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Available Dark: A Crime Novel Kindle Edition
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|Length: 257 pages||Word Wise: Enabled||Enhanced Typesetting: Enabled|
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People keep comparing this book to "The Girl with the Dragon Tattoo" series, and I am here to just say no. "The Woman with the Jack Daniels and Focalin Addictions" series is far, far superior. Not only is Cass > Lisbeth by a hundred, Hand's prose is > Larsson's (or his translator's) by infinity. Hand is not just a great storyteller, she's an artist, and she brings her world alive in a way that rarely happens in "genre" fiction. The unique combination of setting, characters, and plot will have you checking the internet after you finish the novel to see what's real and what came out of Hand's head. You'll find yourself wondering how she could possibly know about all this crazy stuff, and how she can make up the fake stuff so convincingly. I don't know what to tell you. She's a genius, that's all, and these works are wholly original and without comparison to anything else.
And thus begins my love letter to Cass Neary, the most intriguing and female anti-heroine to grace the pages of a novel since the incorrigible Moll Flanders. Cass Neary is not afraid. Of anything. When Cass watches someone die, she doesn't flip out and book thrice weekly sessions with her therapist to work through the trauma. Cass takes a picture of the body, and a really beautiful picture, at that. Knock Cass unconscious and throw her into the middle-of-ice-desert-nowhere, Cass doesn't wait for a hero to rescue her, and she certainly doesn't die. She staggers along, helped just a little by her BFF Jack and fave party girl Tina, until she stumbles onto a warm place to crash.
That Cass has survived as long as she has is a miracle, and a major part of her charm. Cass's theme song is "My Way," the Sid Vicious version. Through no fault or credit of her own, she's made it to middle-age, through punk rock, 1970s East Village, New York, a violent rape, and her own attempts to self destruct. (And no, that's not an error. Not only is she an insanely bad a$$ female protagonist that will eat you alive and pick her teeth with your bones, Cass is also middle- aged. Do you have any idea how incredible that is?!)
If you're coming to Available Dark a Cass Neary virgin, fine. The story is complete in and of itself, but just go ahead and read Generation Loss. Load up on Cass so you don't get the DTs, because you will not be able to get enough of her. She is addictive in the best way imaginable. Once you've got both books in hand, put your cowboy boots on and hunker down for a tumble through a frozen hell on the back of a strung out modern day Valkyrie with nothing left to lose. You won't regret it for a second, and you might even reach Valhalla. Just look out for Krampus and anyone pointing a camera your way.
Hand's greatest strengths lie in her descriptive powers and her mastery of characterization. Her dialogue crackles, too. If she has a writerly weakness it may be in plotting. Don't get me wrong: the pages practically turn themselves. However, this novel has a few plot holes you could drive a truck through. If I had to guess, I'd say the author enjoys the process of creating specific atmospheres and tones more than she does navigating characters through action from point A to point B. Still, that is a minor criticism. The excellent writing allowed me to see past any weaknesses in plot or pacing. ONE WORD OF WARNING: this series is not for every mystery fan. Cass is as close to a true nihilist as you are likely to encounter in any but the most transgressive fiction. She is a compulsive liar, kleptomaniac, alcoholic, and drug addict. She screws people over routinely and seems to feel little to know remorse about it. At times it is hard to believe that we can follow her misadventures with any sympathy, yet somehow we do. That is another testament to the writing's strength. Readers with any religious inclinations might be turned off by the ceaselessly dark and pessimistic world view espoused here. For those with tough hides, though, I recommend you strap yourselves in and get ready for one heck of a wild ride.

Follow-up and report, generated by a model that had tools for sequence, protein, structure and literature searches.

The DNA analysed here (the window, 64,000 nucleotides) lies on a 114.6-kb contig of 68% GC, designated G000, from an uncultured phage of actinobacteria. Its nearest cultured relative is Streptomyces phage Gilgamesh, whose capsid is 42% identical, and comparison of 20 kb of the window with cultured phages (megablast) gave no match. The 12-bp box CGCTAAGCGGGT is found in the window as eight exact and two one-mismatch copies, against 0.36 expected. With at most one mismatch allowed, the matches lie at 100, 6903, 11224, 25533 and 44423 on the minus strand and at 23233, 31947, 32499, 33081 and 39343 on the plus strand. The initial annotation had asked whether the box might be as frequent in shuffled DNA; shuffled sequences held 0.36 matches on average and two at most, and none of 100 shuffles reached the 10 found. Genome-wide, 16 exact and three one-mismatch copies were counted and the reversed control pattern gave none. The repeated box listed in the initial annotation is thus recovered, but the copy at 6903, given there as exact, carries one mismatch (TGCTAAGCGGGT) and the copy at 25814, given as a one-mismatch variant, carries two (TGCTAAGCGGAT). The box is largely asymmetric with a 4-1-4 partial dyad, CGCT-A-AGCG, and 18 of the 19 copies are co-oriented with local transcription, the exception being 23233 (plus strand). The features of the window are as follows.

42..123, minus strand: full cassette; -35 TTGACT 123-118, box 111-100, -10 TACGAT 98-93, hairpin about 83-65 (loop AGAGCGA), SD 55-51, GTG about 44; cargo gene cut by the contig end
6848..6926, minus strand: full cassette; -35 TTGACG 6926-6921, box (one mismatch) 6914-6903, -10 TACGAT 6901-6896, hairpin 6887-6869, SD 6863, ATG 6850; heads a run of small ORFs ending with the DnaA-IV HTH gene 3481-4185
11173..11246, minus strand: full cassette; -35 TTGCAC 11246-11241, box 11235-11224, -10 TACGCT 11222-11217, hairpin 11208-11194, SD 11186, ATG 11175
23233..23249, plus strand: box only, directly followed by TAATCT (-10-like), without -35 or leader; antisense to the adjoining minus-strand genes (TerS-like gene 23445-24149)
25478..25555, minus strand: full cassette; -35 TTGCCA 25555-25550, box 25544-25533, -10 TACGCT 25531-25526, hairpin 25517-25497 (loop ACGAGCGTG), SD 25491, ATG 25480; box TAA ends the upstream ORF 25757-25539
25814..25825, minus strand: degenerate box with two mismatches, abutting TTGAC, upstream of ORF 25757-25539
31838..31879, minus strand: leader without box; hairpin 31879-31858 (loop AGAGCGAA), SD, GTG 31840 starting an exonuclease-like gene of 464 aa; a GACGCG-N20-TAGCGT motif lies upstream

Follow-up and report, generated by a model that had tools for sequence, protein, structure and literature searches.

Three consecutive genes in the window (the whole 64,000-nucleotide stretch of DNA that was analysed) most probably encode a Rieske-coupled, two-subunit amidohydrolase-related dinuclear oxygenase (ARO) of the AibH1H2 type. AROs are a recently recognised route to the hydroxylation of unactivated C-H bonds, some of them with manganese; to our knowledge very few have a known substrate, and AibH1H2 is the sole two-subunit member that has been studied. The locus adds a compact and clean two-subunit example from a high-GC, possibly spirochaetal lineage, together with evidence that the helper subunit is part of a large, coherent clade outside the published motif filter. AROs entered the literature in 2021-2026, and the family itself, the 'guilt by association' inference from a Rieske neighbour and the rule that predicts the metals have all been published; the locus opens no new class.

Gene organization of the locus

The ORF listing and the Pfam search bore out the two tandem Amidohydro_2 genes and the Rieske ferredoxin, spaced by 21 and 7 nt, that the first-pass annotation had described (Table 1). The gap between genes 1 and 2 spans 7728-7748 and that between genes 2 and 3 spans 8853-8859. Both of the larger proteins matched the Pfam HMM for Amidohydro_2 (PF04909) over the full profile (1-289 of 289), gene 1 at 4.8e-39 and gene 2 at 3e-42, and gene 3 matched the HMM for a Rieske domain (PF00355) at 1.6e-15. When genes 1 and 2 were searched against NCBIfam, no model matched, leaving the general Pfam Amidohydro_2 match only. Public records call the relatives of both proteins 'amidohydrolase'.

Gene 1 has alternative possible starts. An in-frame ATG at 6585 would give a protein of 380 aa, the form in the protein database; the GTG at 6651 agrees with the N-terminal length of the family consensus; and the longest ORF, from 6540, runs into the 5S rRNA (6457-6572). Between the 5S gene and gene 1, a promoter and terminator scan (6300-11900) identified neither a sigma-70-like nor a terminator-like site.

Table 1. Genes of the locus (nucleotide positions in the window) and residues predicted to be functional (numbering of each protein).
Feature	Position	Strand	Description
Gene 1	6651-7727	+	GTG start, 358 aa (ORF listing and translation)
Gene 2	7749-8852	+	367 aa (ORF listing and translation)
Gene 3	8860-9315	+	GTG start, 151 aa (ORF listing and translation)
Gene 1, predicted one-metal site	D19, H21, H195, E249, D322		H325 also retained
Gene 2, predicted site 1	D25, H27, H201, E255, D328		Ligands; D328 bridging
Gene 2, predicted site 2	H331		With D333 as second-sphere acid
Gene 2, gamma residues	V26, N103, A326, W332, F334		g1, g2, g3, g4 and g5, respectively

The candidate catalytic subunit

There are more bodies, a trail of them across the northern lands of Finland and Iceland, as Cass Neary, leaving her New York City home before Maine law enforcement can question her more closely about events in the earlier novel, accepts a dodgy commission by a sinister Norwegian nightclub owner. He wants some "esoteric" photographic prints authenticated. They turn out to be beautifully composed crime scene photos, the secret, early art of a now famous fashion photographer.
There's more weirdness as Cass seems, as the novel progresses, to be more than just a "amoral speedfreak crankhead kleptomaniac murderous rage-filled alcoholic bisexual heavily-tattooed" photographer of the damaged, dead, and dying. She has a wyrd and a purpose.
No American hippies here cooking up their homemade occultism in a Maine commune. The menace and mystery of the novel is both more ancient but also more modern as Hand shows Scandinavians trying, with murder, music, drugs, and desperation to come to grips with old and new chaos brought to their land by foreigners. In an Iceland reeling from the black swans of economic derivatives (though there are no scenes with the Viking Squad), Hand gives us bleak beauty (and a chance for Cass to put her practical knowledge of street drugs to good use).
To top it off, Cass hears, for the first time in over thirty years, from her old boyfriend, Quinn. He was the center of numinous attraction for the teenaged Cass. The back story of her relationship with Quinn is one of the reasons I'd advise reading Generation Loss first though it's not absolutely required.
Definitely recommended for those who like their crime stories mixed with something unearthly.